2023 COVID Vaccine Rollout Q&A
Why is it difficult for a child under two years of age, with health insurance, to get a COVID vaccine at this time?
A: During the national public health emergency, the COVID vaccine was made available to all through the federal government, regardless of insurance status and was administered by private doctor’s offices as well as at large public health vaccination clinics. With the end of the public health emergency, the current COVID vaccine is now commercialized which means it is no longer free of charge and has to be purchased by facilities and billed through health insurance.
Those with private health insurance, or Medicare/ Medicaid can go to any participating commercial pharmacy, like CVS or Walgreens to schedule an appointment online for the COVID vaccine, if you are three years old and older.
However, there is a general difficulty and delay in the nationwide rollout of the COVID vaccine for a variety of reasons: production, distribution and shipping delays. This has caused a limit on the amount of available vaccine for all ages. But it is especially difficult right now to get the COVID vaccine for those six months to two years of age. Here’s why:
1. While pharmacies are offering the COVID vaccine, pharmacies are not legally permitted to vaccinate children under three years of age.
2. The biggest issue is that private health insurance has not kept up with the vaccination rollout and are currently working on the reimbursement process for pediatricians so that they can provide the COVID vaccine for those under two years of age.
a. Until pediatricians can get reimbursed by private health insurance, they are unlikely to order the COVID vaccine due to the high cost of the COVID vaccine.
b. Even for those pediatricians who have put in an order, they are experiencing the same supply chain and distribution issues. Due to the limited supply, many pediatric practices are not accepting new patients to vaccinate.
What is the County, or my town doing now to get people vaccinated for COVID?
A: Currently, local governmental public health has received a limited supply of the COVID vaccine to vaccinate only those who are uninsured and underinsured. Diseases can spread quickly and have greater negative impacts on those who lack health care access. Disease prevention, especially among those who otherwise would not have access to a healthcare provider is a prerogative for public health.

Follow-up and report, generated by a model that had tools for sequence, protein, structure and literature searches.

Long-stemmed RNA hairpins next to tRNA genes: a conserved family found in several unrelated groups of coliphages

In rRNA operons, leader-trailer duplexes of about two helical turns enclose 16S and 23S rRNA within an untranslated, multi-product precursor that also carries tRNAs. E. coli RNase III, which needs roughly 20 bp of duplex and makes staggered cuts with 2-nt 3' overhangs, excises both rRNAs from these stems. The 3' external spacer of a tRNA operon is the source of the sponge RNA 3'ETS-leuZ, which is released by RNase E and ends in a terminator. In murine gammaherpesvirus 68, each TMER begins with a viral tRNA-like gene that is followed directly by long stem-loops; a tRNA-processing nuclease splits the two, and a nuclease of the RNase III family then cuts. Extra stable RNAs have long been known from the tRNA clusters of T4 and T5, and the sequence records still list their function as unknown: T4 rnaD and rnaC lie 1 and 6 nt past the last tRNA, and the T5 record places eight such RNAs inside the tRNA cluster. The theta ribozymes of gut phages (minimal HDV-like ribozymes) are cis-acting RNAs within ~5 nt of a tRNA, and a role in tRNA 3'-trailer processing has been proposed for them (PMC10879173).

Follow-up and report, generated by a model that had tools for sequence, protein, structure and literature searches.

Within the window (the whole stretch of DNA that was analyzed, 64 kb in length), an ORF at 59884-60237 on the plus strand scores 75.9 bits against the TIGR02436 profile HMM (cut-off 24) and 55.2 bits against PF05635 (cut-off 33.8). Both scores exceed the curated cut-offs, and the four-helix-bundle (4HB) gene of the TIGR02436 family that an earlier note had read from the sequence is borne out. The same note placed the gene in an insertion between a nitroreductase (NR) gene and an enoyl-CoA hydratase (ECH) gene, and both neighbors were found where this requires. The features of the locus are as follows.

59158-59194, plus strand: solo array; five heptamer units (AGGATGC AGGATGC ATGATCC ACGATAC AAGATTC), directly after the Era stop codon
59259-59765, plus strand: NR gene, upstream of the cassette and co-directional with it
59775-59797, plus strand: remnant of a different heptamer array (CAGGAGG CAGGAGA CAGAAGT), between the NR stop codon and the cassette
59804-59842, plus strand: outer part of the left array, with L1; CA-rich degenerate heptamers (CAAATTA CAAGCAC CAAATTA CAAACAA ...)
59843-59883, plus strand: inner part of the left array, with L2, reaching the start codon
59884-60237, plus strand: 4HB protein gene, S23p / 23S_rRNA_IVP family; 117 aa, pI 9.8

With the commercialization of the COVID vaccine, the expectation is that the private healthcare provider is the appropriate person to administer the vaccine, as they accept health insurance and administer all other recommended vaccinations.
Why do I see other kids who are under three years of age getting the COVID vaccine at County or Local vaccination clinics?
A. Governmental public health agencies, federally qualified health centers and even some pediatric practices may participate in the Vaccine for Children (VFC) Program. Any childhood vaccines through the VFC program are allocated only for children who are uninsured/ underinsured, and again there is a limited supply through the VFC system. Local public health departments that offer childhood vaccines, cannot accept children with health insurance because they do not have the capacity to bill health insurance like a private healthcare provider and the main mission of public health is to be the safety net and provide basic medical services for those who are uninsured/underinsured.
Why doesn’t the government just buy the COVID vaccine?
A. The New Jersey Department of Health (NJDOH) is allocating limited state funding to purchase COVID vaccine. They have put in an order for adult and pediatric vaccinations. Just like private providers, the government is also experiencing the same delays in receiving the vaccine. Furthermore, there is uncertainty of when this order will arrive, what quantity and type of vaccines will be included in each shipment and how to equitably distribute the vaccines across the state when they are received.
Will the County Health Departments be able to vaccinate children under three years of age, regardless of insurance, when they receive age appropriate COVID vaccines that were purchased by NJDOH?
A. Yes. Understanding that there is currently a lack of available pediatric COVID vaccination sites, NJDOH intends to vaccinate young children through the County Health Departments until pediatricians’ offices are able to procure their own supply. This is all dependent on the availability of COVID vaccines from NJDOH.
Where can I find more information on how to find a COVID vaccine provider/ clinic location?
A. Go to https://vaccines.gov for more information.
With the lack of availability of COVID vaccine for my young child, what is the best way to protect them?
A. Public health advises those family members and caregivers to get the COVID vaccine, as well as other vaccines that protect against respiratory infections like the flu vaccine and RSV vaccine for older adults. Mass vaccination protects those who are unable to get vaccinated, from getting sick. This is also called herd immunity. In addition, staying home when you are sick and covering your cough and sneeze and proper handwashing are the very basic common sense practices that we can all do to prevent the spread of diseases in the community.